- Category: May / June 2012 - Social Media Marketing
With all the hype going on around social media marketing, you can imagine that keeping track of what’s happening on each social media profile a business has is of high interest. Brands want to know when there are peaks and dips in their blogs or web traffic and use this knowledge as potential catalysts for meeting theirs social media objectives.
Social media measurement refers to the tracking of various social media content such as blogs, wikis, micro-blogs, social networking sites, video/photo sharing websites, forums, message boards, and user-generated content in general, which is quite difficult to analyse as not everything can or should be measured.
Currently, there are several ideologies around social media quantification: Major players try to measure influence by taking into account the size of the voice and the depth of its reach, while others quantify the effectiveness in social media with their own suite of social media tools, measuring coefficients between activity (inputs) and results (outputs), instead. Both approaches have, without doubts, their strengths and weaknesses. While the flaw with measuring someone’s influence by the size of the voice is difficult - it is like comparing the Iron Lady Maggie Thatcher with Lady Gaga, who seems to be one of the most influential people on the internet right now - measuring social media by 'effectiveness' means that a local politician, from a small republic such as Singapore, could in theory be as 'effective' as The US President even though the reach is just a small percentage of his counterpart.
In general, I would say, it all depends on the applications used for social media quantification and of course the smart questions asked, which helped set the goal.
It is, for instance, possible to create network visualizations, measure the aggregated sentiments of online publics, and train machine learning algorithms to classify online contents in terms of their specific attributes. Actually, there are lots of things that can be accurately measured, which - when seen through a wide-angled lens - can really help you make sense of what social media can do for your business.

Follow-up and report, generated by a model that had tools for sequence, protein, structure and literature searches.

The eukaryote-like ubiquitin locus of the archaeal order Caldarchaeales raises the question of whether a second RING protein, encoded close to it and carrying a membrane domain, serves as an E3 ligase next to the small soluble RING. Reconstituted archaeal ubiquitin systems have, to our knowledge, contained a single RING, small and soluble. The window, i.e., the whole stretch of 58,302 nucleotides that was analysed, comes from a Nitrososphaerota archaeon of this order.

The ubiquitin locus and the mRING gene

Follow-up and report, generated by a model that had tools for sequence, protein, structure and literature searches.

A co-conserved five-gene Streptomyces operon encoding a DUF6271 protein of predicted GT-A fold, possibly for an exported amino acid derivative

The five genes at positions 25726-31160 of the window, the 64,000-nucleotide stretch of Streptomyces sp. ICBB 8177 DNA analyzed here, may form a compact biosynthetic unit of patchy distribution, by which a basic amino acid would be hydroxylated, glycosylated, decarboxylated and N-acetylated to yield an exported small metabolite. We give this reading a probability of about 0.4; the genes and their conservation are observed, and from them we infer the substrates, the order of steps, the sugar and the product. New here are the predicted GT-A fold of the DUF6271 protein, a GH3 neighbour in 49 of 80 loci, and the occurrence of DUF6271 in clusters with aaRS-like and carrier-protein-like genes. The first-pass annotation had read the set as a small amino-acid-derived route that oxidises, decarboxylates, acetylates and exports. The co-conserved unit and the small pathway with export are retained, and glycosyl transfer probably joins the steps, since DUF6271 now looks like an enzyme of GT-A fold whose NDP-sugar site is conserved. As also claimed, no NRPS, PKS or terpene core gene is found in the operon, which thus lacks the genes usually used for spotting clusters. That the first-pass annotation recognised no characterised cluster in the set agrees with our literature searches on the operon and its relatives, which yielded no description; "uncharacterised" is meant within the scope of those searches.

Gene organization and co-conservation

But let me come back again to Charlene Li and her co-author Josh Bernoff who wrote around five years ago the bestseller Groundswell: Winning in a World Transformed by Social Technologies. They approached online consumer engagement measurement by evaluating different perspectives with respect to questions regarding awareness, consideration, conversion, advocacy, that give a lot of insights:
- What percentage increase in new website visitors has been derived from the social web activity? (Referrals, Search, Direct, Email etc.)
- Which tweets, posts, comments, were the most effective and most viral?
- What was the increase in search results (number and volume) and improvement in search rankings based upon this activity?
- What social web activity led to increased keyword activity within search resulting in a website visit?
- What were those conversation topics and keywords?
- Which social sites/content were the source of the related activity?
- Has the social buzz (volume) and keyword trending increased around my brand, product or service?
- Which social web channels provided the highest levels of conversion on site? (not just referrals, but the increase in conversions from search, direct, email etc.)
- Specifically, which social web activity (post, comment, tweet, competition etc) triggered conversions? (And also those that didn’t do anything.)
- Is the increase in followers across the various channels proportional to the increase in conversions?
- Which social web activity led to the most inter-consumer activity?
- What impact has the “share this” option had?
- Which items, that had the share this facility, were the most and least effective?
- Who were the most influential and authoritative people that helped increase awareness and conversion?
- What do people really think about our brand, product or service? (not just a sentiment number, but an authoritative list of people and comments)
For sure, there could be many more questions added on, but it is a good start, considering that getting answers to these questions involves human correlation and analysis that cost time and money. But since we are living in an automated word, we should consider making use of Web analytics providers like Salesforce.com or Google Analytics. Their services can definitely support enormously in our search for answers as they measure all onsite behaviour, and could more easily develop (or acquire) technology or methodology that measures activity buzzing around outside of the website (i.e. the social web and search).
The Groundswell duo believes Google has the answer to all of these answers as the company is best placed to capture all data needed. Indeed, Google even just proved to keep up with changing demands and trends, if we take a look at their recently added Social Reports.
By Daniela La Marca